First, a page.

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Book Review

Not Everyone is Innocent

Evidence of Suspicion
(A Writer's report on the war on terror)
Amitava Kumar
Picador India
Price: INR 350

Abdullah Khan

Terrorism, according to the Oxford Advanced Learner's Dictionary, is the use of violence for political aims or to force a government to act, especially because of the fear it causes among people. What if a democratic government itself indulges in an act of violence against its own citizenry or people elsewhere as the means to some sort of imagined noble end? Is it still called Terrorism, or will we invent some fancy term like war against terror to cloak the immorality of the act?

Another question: how justified is a state to incite or instigate a citizen to commit a crime, when it suspects that person is likely to commit some crime in the future, and then punish him or her for a crime he or she never committed? Is it not in the penal code of every country that an abettor of crime should be treated on a par with the actual perpetuator of that crime? Then what is the status of the state?

Amitava Kumar's intriguingly titled book Evidence of Suspicion raises many more such questions, telling us how in this post 9/11 world, the liberal democratic states, from the USA to India, have become so paranoid while dealing with terrorism that their wars on terror have destroyed as many innocent lives, if not more, as terrorism has done. The book cites many examples where individuals were victims of state brutality in the name of fighting the scourge of extremism.

The most interesting, and strange too, is the story of Hemant Lakhani, a failed cloth salesman from London who was convicted of selling a missile to an FBI informant in USA. Lakhani was actually approached by the FBI informant who pretended to be an Islamic terrorist, to buy missiles. Though boastful of his connections with Ukrainian arms sellers, Lakhani was not able to procure any missiles. Ironically, the FBI itself had to manage missiles for Lakhani so that he could sell them to its informant.

Amitava Kumar

Of course, Lakhani was not an innocent in absolute terms, but still he had not committed any crime. And the law of natural justice suggests you can't punish somebody before he commits a crime.

Back home, Professor Kumar tells us about Iqbal Haspatel of Mumbai, who was incarcerated and tortured for days by police for possessing a missile. Later, it was discovered that the alleged missile was nothing but a part of some textile machinery. For the ignorance of the government officials, an innocent person had to suffer. Another classic example of ruthless and irresponsible behaviour of state machinery is the case of SAR Geelani. After the terrorist attack on Indian Parliament, police arrested Geelani and tortured him for months before he was finally acquitted. His detention was based on disputable evidence. Had he not been a Muslim, not a Kashmiri, not a professor of Arabic, the kind of evidence police had, might not have been enough for his arrest. But, unfortunately, he was all three. In the jaundiced eyes of the police, Geelani's religious, ethnic and professional identities made him perfectly qualified for being a 'terrorist'. To be precise, his arrest was based more on the preconceived notions of law enforcing agencies about a particular religious and ethnic group than solid evidence.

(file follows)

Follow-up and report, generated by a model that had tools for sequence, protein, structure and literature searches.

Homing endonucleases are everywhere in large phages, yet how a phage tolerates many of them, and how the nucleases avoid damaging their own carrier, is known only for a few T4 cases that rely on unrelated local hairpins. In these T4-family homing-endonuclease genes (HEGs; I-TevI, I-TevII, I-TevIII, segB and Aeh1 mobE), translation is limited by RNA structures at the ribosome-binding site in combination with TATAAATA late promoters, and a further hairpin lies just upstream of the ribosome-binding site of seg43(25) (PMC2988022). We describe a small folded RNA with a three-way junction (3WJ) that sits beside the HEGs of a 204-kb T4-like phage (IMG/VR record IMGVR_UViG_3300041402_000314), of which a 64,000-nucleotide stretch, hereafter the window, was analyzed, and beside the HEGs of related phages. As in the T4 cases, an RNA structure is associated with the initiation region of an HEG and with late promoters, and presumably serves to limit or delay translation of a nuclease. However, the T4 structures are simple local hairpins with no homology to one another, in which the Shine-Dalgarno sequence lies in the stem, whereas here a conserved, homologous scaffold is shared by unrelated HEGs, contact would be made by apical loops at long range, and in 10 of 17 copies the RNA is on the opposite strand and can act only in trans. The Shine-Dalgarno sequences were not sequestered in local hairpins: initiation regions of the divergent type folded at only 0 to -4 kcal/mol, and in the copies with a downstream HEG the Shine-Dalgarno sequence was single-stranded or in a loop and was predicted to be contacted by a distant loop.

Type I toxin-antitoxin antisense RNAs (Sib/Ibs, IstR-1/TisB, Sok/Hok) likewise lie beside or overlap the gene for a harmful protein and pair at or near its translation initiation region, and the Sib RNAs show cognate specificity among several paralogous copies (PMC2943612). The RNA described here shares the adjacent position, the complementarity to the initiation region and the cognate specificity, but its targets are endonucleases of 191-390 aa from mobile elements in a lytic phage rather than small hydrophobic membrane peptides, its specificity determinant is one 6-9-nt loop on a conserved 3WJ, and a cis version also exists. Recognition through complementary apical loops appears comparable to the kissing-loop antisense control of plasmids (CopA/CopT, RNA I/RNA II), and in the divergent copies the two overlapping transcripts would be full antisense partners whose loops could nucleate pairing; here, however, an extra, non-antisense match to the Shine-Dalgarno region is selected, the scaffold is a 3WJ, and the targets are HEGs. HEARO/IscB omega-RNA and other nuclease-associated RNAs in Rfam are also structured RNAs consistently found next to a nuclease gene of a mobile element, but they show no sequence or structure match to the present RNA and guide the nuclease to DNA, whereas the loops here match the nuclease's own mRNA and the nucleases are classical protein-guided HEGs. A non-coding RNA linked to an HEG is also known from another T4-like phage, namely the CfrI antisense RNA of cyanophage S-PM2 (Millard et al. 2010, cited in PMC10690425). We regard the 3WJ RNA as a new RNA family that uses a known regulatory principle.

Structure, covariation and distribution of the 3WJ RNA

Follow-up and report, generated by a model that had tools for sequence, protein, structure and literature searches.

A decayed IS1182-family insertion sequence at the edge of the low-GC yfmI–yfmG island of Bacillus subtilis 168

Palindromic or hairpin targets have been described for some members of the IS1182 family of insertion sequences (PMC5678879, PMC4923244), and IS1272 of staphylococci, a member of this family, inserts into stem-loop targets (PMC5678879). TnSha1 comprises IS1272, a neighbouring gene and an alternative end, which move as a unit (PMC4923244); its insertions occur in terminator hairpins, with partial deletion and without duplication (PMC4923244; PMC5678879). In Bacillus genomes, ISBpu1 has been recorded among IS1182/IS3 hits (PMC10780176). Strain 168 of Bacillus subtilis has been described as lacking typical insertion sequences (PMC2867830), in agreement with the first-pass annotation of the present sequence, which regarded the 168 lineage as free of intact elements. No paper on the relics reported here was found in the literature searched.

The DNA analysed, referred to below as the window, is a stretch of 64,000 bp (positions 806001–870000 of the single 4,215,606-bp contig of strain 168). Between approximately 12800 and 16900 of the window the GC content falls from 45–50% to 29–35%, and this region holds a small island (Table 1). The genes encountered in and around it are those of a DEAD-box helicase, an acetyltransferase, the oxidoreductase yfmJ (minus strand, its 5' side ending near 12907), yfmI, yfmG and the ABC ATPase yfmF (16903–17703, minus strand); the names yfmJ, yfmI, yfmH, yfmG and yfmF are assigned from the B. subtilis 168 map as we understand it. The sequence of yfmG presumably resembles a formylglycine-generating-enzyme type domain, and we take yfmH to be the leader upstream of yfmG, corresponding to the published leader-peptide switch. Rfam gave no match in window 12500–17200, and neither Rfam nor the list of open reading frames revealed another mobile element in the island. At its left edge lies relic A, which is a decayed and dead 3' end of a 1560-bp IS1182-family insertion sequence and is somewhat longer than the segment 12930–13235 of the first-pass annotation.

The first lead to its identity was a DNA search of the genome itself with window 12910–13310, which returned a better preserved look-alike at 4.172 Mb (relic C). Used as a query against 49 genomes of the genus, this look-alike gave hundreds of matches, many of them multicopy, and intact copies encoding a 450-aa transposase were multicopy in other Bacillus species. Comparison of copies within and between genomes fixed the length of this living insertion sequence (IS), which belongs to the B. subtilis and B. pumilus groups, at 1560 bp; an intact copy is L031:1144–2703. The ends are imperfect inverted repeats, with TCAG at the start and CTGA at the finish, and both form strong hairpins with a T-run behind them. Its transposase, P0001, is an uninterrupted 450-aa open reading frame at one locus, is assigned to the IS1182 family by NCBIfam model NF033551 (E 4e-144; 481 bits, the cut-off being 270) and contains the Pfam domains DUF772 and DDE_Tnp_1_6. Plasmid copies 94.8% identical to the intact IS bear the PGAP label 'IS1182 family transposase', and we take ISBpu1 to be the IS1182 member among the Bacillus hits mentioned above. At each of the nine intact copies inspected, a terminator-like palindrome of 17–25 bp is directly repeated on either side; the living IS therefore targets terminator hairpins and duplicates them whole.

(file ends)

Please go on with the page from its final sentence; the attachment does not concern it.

The book is part reportage, part philosophy, part protest, as the back cover informs us. Full of sublime narratives and subtle descriptions, it is a thoroughly fantastic book. The best thing about Kumar's writing is that seldom does he allow his personal prejudices to creep into the text. He acts more like a cameraman of a documentary film showing you a plethora of images. He also knows what to focus on, and when to zoom in or out. Then he leaves you free to reach your own conclusions. Like his earlier book Husband of a Fanatic, it is a must buy. And, of course, a must read too.


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